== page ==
Saturday, September 9, 2017
This just in from Lee Ann Fennell (Chicago): Cambridge University Press has just published Evidence and Innovation in Housing Law and Policy (Lee Anne Fennell & Benjamin J. Keys, eds. 2017). All chapters are downloadable in PDF as well as viewable in HTML through the Open Access version.
The impressive list of contributors include: William A. Fischel, David Schleicher, Richard A. Epstein, Ingrid Gould Ellen, Brian J. McCabe, Lior Jacob Strahilevitz, Georgette Chapman Phillips, Matthew Desmond, Stephanie M. Stern, Christopher Mayer, Ian Ayres, Gary Klein, Jeffrey West, Atif Mian, Amir Sufi, Patricia A. McCoy, Susan Wachter, Raphael W. Bostic, and Anthony W. Orlando.
Friday, September 8, 2017
To finish up the day, Professor Lionel D. Smith of the McGill University Faculty of Law gave the Tamisiea Endowed Lecture in Wealth Transfer Law. His presentation, titled Give the People What They Want? The Onshoring of the Offshore, was about challenging the growing flexibility of trust law in on- and off-shore jurisdictions. Smith explained how offshore jurisdictions have tried to create flexible trust laws to meet client demands related to freedom of choice. Indeed, some of these new institutions have even been adopted in “onshore jurisdictions.” Smith noted that although freedom of choice is important, private law plays an important policy-balancing role in society.
Professor Smith stated that the offshore trust phenomena is a relatively new concept whereby legislatures enact or modify trust law in order to entice high net-worth individuals to migrate their wealth to these locales. For example, the Cayman Islands created the STAR trust and the British Virgin Islands created the Vista Trust—both aimed at drawing in the trust industry.
Smith explained that the there is an interaction between onshore and offshore trust law - “onshoring of offshoring.” One way this occurs is through how onshore judges interpret these offshore trust laws (like New Zealand judges hearing Cook Island trust disputes). For instance, he described a UK court with jurisdiction over Cayman Island disputes upholding an offshore asset-protection trust but making the debtor’s power of revocation a seizable asset (which the creditor could then exercise itself to get at the trust assets).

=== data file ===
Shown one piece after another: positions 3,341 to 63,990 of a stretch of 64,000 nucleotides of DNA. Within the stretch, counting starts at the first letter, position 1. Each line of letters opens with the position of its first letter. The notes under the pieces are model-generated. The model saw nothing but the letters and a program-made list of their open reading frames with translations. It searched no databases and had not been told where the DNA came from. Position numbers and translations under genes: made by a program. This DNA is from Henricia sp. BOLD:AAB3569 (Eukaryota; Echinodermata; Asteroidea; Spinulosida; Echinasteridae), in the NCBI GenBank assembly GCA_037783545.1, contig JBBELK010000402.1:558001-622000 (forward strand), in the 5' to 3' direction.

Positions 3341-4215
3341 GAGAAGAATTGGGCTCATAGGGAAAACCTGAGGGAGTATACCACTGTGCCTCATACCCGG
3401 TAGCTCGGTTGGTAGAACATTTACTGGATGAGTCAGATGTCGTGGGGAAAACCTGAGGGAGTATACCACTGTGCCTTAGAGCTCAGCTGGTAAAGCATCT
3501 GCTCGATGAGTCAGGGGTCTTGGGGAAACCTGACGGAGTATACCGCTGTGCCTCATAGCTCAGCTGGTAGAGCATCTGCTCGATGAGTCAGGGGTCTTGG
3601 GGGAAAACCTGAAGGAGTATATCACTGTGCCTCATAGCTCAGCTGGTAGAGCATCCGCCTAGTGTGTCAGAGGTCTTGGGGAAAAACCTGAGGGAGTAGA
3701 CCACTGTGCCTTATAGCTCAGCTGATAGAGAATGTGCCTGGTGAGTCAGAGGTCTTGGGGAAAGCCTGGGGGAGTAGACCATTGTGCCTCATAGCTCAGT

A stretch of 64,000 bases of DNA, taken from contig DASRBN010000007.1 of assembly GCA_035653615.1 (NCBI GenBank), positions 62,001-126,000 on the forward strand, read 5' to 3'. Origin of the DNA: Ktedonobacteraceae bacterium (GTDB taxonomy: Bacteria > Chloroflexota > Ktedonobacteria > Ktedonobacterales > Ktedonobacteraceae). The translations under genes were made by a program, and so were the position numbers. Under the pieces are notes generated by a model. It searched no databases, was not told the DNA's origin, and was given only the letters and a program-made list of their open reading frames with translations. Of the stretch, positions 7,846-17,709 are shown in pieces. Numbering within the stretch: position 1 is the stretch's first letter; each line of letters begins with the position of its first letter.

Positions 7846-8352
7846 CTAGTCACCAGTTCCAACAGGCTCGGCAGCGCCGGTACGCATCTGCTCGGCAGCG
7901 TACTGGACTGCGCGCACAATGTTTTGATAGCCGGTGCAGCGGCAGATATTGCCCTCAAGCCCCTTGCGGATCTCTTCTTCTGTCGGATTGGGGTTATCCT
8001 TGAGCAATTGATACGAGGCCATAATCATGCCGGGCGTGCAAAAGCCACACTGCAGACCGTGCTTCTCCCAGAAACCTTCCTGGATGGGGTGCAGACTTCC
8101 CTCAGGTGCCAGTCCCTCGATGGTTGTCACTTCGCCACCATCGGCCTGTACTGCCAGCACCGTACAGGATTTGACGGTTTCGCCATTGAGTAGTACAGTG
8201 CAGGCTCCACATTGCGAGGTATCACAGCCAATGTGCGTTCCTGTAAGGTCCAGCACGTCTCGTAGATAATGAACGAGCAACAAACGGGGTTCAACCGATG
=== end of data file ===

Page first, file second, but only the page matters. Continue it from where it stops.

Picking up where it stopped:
Smith explained that another way interaction happens deals with conflicts of laws principles, such as when a common law trust dispute would end up being litigated in a civil law court where trusts are not recognized. Smith also explained, by way of example, that with a star trust the beneficiaries have no right of enforcement—rather enforcement is left entirely to the trustee. Such a state of affairs does not (and cannot) exist under UK trust law.
The final way offshore innovations come into contact with the onshore is more direct—when onshore jurisdictions change their laws to reflect offshore conventions. An example of this is the abolition of the rule against perpetuities and the way several US states have created asset-protection trusts of their own.
Smith concluded by asking whether we should we concerned about onshore jurisdictions enacting these client-centered, off-shore trust concepts. “Should we give the people what they want?” He argues that, we cannot design the legal system around clients – there is more at stake. For instance, with a non-charitable purpose trust (although perhaps sometimes motivated by settlors who truly seek to do no harm) one creates a fund of property that is essentially unowned. Thus, the property is beyond a creditor’s reach yet functionally still under the control of the settlor. Here, as with the Star Trust under Cayman law, the trust obligations can only be enforced by the enforcer (the trustee), which the trustee can choose not to do.